$7 Million in Quake Aid Earmarked for Elderly : Relief: Money will be used to continue programs including cleanup, helping senior citizens find housing in the Valley and legal assistance.


Earthquake relief workers who aid the elderly were jubilant Thursday after learning that a $7-million federal grant is on the way to Southern California to keep alive financially strapped programs for senior citizens victimized by the Northridge temblor.

"It's wonderful," said Lynn Bayer, director of the Los Angeles County Agency on Aging. "This is the first time that we've had (earthquake relief) money that's specifically designated for the elderly."

The federal money comes just in time, Bayer said, and will allow relief agencies to pay for services already delivered and to continue programs until June 30, 1995.

Since the devastating Jan. 17 quake, programs administered by public and private agencies have helped about 25,000 senior citizens.

"We've been telling our projects to hold on because the money is coming," she said. "But we've been slowing down a little, fearing the money wouldn't come.

"It will allow us to go forward with some confidence," Bayer added, "because we haven't been doing really intense outreach work for fear that we would find more needs than we could ever fill."

Relief programs for the elderly include cleanup work, relocation, aid in filing federal aid forms and counseling. Day care and respite for families with elderly parents are also available.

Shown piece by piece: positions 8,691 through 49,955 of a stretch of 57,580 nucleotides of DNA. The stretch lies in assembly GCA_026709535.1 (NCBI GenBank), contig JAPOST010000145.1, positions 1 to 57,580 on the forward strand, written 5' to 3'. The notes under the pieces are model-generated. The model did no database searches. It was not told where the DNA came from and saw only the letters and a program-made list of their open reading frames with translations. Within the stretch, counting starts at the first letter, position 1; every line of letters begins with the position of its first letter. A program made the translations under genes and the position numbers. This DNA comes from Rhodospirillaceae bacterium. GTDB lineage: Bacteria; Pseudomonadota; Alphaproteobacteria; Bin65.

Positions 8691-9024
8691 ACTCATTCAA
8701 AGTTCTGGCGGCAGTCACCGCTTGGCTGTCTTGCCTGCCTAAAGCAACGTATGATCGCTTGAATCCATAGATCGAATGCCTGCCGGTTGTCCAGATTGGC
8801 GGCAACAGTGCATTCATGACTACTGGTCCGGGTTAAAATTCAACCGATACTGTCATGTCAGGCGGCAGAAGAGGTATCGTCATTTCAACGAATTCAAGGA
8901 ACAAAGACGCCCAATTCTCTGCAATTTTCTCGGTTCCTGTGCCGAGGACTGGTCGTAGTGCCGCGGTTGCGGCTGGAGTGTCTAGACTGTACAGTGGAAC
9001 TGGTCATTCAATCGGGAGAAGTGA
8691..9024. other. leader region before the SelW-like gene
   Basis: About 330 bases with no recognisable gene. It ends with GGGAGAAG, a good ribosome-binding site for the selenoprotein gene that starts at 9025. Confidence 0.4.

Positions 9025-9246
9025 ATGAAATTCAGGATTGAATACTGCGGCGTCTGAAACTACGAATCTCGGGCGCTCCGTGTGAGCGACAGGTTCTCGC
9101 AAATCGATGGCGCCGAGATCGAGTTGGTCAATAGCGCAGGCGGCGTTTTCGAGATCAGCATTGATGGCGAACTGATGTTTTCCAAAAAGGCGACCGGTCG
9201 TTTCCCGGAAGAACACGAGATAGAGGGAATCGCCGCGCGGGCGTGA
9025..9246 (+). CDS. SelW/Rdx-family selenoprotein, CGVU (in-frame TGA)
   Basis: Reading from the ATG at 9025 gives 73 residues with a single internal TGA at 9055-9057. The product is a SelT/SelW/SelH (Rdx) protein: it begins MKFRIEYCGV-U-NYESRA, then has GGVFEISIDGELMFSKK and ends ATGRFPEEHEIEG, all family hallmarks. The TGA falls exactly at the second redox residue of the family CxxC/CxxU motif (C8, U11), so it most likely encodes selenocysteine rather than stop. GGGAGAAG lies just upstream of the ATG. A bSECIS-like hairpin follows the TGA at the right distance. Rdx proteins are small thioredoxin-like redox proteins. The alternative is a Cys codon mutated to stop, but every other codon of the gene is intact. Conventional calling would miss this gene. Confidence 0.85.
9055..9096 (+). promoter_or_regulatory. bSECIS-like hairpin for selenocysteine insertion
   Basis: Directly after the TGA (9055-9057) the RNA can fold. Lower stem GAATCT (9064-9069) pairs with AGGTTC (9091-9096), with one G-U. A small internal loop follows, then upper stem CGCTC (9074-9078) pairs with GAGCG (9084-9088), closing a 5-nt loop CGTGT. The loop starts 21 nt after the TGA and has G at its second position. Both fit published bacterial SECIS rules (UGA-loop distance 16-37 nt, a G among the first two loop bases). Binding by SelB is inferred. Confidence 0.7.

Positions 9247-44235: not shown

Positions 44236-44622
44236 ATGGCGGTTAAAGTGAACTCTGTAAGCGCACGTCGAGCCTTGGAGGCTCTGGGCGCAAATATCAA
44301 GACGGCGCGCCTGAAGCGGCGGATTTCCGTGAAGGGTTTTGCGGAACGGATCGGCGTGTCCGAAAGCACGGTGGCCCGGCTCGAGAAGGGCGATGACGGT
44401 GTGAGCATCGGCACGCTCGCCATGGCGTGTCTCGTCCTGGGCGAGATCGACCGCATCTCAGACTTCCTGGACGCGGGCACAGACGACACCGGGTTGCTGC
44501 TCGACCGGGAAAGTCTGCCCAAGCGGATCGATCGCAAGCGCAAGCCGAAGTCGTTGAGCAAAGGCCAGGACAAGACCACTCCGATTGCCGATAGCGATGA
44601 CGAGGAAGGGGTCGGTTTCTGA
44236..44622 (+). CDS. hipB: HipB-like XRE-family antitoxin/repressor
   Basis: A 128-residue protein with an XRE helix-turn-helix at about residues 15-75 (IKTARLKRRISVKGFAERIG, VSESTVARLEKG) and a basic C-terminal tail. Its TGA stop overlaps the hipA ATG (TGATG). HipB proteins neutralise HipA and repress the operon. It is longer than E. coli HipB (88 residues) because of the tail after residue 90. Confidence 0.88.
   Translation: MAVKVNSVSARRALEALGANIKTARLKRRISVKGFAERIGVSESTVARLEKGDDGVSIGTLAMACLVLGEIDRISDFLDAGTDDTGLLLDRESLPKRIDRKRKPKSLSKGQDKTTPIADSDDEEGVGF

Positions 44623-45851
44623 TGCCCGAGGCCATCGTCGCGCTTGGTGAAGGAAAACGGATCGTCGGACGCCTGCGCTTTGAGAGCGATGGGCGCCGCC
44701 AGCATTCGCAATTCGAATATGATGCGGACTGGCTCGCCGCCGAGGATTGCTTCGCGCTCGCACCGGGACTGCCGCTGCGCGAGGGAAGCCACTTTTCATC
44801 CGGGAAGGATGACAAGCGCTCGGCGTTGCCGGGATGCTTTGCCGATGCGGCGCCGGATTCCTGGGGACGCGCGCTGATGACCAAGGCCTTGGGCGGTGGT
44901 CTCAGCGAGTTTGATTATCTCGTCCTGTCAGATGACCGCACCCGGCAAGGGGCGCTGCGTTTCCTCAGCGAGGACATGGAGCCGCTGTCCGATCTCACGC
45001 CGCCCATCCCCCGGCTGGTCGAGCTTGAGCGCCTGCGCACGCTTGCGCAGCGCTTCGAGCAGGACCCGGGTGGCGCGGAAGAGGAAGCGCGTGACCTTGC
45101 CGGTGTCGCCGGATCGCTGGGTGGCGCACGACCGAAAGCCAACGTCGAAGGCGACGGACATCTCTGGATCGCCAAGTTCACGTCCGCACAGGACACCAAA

The grant was announced by U.S. Assistant Secretary for Aging Fernando Torres-Gil during a City Hall news conference hosted by Los Angeles Mayor Richard Riordan. Robert Martinez, head of the California Department of Aging, also attended.

"Older persons are too easily overlooked," Torres-Gil said, "and their needs tend to take more work and can last much longer because they are the most vulnerable of our citizens during times of earthquakes and other disasters."

The money, granted by the U.S. Department of Health and Human Services, is expected to be available within 10 days and is earmarked for the aid of elderly quake victims in Los Angeles and Ventura counties.

In all, the planned year and a half of relief work for senior citizens is expected to cost $9 million, most of which will be covered by the grant.

Ventura County is to get 9% of the grant, Bayer said. The rest will be divided between Los Angeles County and the city of Los Angeles. The county will receive 35% and the city, where most of the quake damage occurred, will get 65%.

The grant money will help relief workers find housing for senior citizens who are trying to return to the hard-hit San Fernando Valley, according to Ann Smith, general manager of the Los Angeles Department of Aging.

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